Pumpkin ravioli

Pumpkin is the vegetable most symbolic of autumn, and in particular of Halloween. Beloved especially in North America, where it appears on the Thanksgiving dining table in the form of a pie with the inevitable turkey, it is now very common in Italy too. Pumpkin ravioli with amaretti and mostarda is now one of the traditional dishes of the northern regions of Italy. Pumpkin is also excellent for gracing your Christmas dining table: not just in ravioli, but also in pies, risottos, desserts and so on and so forth. Pumpkin, with its irresistible sweetness, is a really versatile vegetable, perfect for enlivening various recipes which are particularly popular amongst children. Pumpkin ravioli require a bit of work but provide a great deal of satisfaction: they are therefore ideal for a special day of celebration, or even a simple family Sunday lunch. Here’s the recipe! 


120 minutes Total time
5 minutes Active time
Serves 3 persons
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Peel the pumpkin and remove the seeds, then cut it into small pieces and soften them with a little water and hot oil in a saucepan. When they are cooked so as to be just tender, crush them with a pestle to make a puree. Also crumble the amaretti biscuits with the pestle and add to the pumpkin. Add the ‘mostarda’ and grated Parmesan, then nutmeg. Finally add some salt to taste. Make the dough for the homemade pasta and then pull it through a pasta maker to form long lasagne sheets. Flour a work surface and lay out your sheets of pasta. Now place a teaspoon of the filling, or just a bit less, in the centre of the dough every 2cm, then, with a second sheet of dough, cover the first and with your fingers seal all round the fillings so as to remove any air and avoid entry of water. With a pastry cutter or equivalent, cut out the ravioli shape that you prefer (I used a circular shape), sprinkle with flour and set aside on a large, floured dish. Cook for 5 minutes in boiling salted water and while you melt the butter in a pan along with the sage leaves. When they are cooked serve about 8 per person and drizzle with melted butter and sage and some nice grated parmesan.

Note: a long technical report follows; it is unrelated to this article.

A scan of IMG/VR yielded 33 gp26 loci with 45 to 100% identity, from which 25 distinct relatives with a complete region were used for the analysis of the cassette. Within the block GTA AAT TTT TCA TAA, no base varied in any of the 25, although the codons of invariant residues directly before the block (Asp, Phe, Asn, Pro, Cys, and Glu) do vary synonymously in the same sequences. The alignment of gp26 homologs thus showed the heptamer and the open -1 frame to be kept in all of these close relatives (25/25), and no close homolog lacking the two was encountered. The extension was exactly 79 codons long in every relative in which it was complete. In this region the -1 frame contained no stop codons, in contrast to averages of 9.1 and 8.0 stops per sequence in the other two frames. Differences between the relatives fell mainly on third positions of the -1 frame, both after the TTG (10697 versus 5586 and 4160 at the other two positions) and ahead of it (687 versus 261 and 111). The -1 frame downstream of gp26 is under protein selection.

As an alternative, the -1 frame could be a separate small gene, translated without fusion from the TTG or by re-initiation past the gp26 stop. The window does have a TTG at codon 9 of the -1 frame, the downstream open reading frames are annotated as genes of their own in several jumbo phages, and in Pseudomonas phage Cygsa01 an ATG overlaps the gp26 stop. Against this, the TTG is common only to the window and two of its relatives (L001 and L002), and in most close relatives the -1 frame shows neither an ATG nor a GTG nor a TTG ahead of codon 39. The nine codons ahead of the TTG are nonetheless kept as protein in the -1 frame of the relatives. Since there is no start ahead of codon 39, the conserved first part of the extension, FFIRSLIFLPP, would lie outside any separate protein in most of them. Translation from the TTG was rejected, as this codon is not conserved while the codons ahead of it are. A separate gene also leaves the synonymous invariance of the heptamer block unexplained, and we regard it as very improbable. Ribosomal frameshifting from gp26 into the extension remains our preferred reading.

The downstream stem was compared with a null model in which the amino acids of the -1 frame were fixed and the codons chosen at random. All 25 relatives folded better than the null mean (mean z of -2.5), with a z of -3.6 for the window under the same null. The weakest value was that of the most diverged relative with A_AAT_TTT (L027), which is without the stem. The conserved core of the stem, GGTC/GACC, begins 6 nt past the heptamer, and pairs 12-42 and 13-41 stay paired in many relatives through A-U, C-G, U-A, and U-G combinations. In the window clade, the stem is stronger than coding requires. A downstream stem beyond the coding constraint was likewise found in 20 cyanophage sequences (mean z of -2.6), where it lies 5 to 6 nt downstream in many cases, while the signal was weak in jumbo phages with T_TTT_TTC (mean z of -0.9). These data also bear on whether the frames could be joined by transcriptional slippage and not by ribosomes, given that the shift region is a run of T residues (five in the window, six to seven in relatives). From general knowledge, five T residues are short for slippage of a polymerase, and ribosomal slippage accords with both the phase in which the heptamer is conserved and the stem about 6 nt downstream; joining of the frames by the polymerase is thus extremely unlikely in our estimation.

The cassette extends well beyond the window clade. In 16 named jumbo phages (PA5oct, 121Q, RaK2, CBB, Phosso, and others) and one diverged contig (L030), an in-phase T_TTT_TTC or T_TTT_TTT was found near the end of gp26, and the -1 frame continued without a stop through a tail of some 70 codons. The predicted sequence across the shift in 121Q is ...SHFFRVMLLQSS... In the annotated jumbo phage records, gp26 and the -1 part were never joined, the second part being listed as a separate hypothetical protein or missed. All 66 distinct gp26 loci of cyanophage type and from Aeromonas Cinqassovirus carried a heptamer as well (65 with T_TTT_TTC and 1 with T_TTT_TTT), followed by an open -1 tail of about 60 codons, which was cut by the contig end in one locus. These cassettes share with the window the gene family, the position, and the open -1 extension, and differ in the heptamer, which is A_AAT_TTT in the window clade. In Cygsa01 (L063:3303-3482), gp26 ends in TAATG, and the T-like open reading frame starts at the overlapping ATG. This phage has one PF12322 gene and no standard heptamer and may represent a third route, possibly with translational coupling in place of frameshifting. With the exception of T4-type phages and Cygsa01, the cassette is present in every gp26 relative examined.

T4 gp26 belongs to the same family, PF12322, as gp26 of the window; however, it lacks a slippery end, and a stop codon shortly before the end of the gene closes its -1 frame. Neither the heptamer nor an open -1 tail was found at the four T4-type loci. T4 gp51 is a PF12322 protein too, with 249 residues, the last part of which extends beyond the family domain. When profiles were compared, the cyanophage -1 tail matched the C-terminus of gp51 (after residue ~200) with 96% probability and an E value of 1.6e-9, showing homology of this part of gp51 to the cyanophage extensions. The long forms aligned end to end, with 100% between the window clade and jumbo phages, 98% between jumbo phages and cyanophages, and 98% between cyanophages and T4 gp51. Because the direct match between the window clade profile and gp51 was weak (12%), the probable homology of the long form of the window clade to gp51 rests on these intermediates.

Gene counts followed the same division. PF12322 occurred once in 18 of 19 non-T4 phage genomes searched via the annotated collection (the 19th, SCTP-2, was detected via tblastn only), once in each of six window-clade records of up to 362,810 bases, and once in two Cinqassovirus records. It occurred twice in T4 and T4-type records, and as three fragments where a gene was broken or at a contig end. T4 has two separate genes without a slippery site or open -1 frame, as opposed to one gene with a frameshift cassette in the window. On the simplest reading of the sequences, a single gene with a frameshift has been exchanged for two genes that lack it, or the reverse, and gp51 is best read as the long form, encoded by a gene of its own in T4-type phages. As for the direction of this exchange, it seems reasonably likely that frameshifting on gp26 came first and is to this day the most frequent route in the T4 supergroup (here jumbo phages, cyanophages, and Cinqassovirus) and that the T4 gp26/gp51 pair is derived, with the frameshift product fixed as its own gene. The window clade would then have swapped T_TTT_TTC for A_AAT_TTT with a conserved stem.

If you don’t want to cook the pumpkin in a saucepan, you can use the oven. All you have to do is turn on the oven to 180°C and place the slices of pumpkin, well separated from each other, on some baking parchment. In three quarters of an hour, the flesh will be perfectly cooked.
The Italian name for pumpkin ‘zucca’ comes from the Latin "cocutia", which evolved into "cocuzza, cocuzzae", and from there to ‘zucca’. Pumpkin is rich in vitamins and minerals, but has very little salt. That's why it is a saying in Italy "to have salt in your pumpkin", meaning to have plenty of good sense.

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